Nigeria, a potential global crude oil refining hub, say experts


• Consumes over 17b litres of PMS yearly

Experts have urged the Federal Government to put in place a clear policy to promote private sector involvement in commercial exploitation of opportunities in building modular refineries.

This, they said, would help to increase the nation’s crude oil refining capacity, boost revenues and develop the economy, as the country has the potential to become a global crude oil refining hub.

They also advised government to consider equity shareholdings structure only in the sector where it desires to participate and assures access to crude oil in contiguous locations to encourage investors, as well as fully deregulate the downstream sector and products pricing.

  
These were the submissions of speakers at the 2017 Public Lecture organised by the Nigerian Academy of Engineering (NAE) in Lagos.According to them, there was the need to engage the services of professional bodies like the Nigerian Society of Engineers (NSE) and chemical engineers to work with government in developing a viable blueprint for effective development of sufficient modular refineries in the country.
   
Presenting a paper on Modular Refineries, Prospects and Challenges, Economic Community of West African States (ECOWAS) Regional Advisor, African Refiners Association (ARA), Tony Ogbuigwe, said modular refining was a viable option for Nigeria.

He said this was because it was ideal for stranded production fields and remote oil field production locations and could be put together within a relatively shorter time.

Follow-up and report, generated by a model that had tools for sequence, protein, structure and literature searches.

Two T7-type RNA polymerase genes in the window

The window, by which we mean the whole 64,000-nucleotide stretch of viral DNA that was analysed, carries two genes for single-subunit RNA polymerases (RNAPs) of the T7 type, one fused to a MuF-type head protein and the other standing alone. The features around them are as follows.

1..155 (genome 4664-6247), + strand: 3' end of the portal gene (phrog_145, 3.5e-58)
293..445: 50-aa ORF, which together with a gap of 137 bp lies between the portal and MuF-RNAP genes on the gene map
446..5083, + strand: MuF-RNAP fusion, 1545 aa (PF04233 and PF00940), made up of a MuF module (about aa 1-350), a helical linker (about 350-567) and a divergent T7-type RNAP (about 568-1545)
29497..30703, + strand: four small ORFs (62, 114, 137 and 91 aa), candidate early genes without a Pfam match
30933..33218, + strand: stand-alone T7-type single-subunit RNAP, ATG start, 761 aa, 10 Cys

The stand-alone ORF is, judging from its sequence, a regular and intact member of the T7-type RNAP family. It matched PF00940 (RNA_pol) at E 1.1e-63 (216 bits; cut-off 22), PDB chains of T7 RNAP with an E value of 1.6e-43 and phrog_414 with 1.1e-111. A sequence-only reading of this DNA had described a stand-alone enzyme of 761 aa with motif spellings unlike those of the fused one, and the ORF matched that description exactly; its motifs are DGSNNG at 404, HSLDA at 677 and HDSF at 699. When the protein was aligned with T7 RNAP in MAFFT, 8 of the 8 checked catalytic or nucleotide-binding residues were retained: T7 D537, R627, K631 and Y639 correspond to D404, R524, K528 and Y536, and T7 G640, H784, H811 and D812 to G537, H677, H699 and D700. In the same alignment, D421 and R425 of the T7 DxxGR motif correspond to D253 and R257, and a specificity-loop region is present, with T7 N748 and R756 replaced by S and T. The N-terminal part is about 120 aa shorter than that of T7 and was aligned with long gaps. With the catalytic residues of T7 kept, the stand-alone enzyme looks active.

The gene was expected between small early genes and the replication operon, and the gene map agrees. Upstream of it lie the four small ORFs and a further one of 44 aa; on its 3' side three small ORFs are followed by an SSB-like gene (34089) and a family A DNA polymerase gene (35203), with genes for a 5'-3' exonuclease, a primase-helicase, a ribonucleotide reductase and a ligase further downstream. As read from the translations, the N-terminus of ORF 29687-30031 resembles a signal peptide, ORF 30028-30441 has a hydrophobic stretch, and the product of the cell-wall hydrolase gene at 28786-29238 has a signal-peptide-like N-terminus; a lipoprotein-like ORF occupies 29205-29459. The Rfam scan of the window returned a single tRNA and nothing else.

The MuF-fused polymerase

He described modular refineries as having a huge potential for rapid production of feedstock for downstream petrochemical plants, removing cost for transportation of crude oil through pipelines, which may be susceptible to vandalism, while the fuel oil could be used for power generation in contiguous industries.
    
Ogbuigwe, who is also the Managing Consultant/CEO PEJAD Nigeria Limited, said with a huge population of about 180 million and being the largest crude oil producer in Africa were added advantages.
    
Speaking, Managing Director, Niger Delta Exploration and Production Plc, Dr. Layi Fatona, observed that Nigeria consumes over 17 billion litres of PMS yearly with transportation and power as major drivers of demand.

He said the country’s oil imports currently account for over 90 per cent of PMS supplies in the country, while West Africa consumes over 24 billion litres of PMS annually and their imports account for over 90 per cent of the volume.
 
“Nigeria consumes over 3 billion litres of Automotive Gas Oil (AGO) annually. The erratic state of the power sector has been the main driver of demand.Imports currently account for over 60 per cent of AGO in the country.  

“West Africa consumes over 11billion litres of AGO annually and imports account for over 70 per cent of the volume while Nigeria consumes over 400 million litres of aviation fuel yearly.Speaking, President of the NAE, Joanna Maduka, said the performance of Nigeria’s refineries in the last 20 years has been poor as two of them are presently shut down.

She said the argument for the big refineries is that they have the economy of scale, while modular refineries have potential for incremental development but lack profitability.



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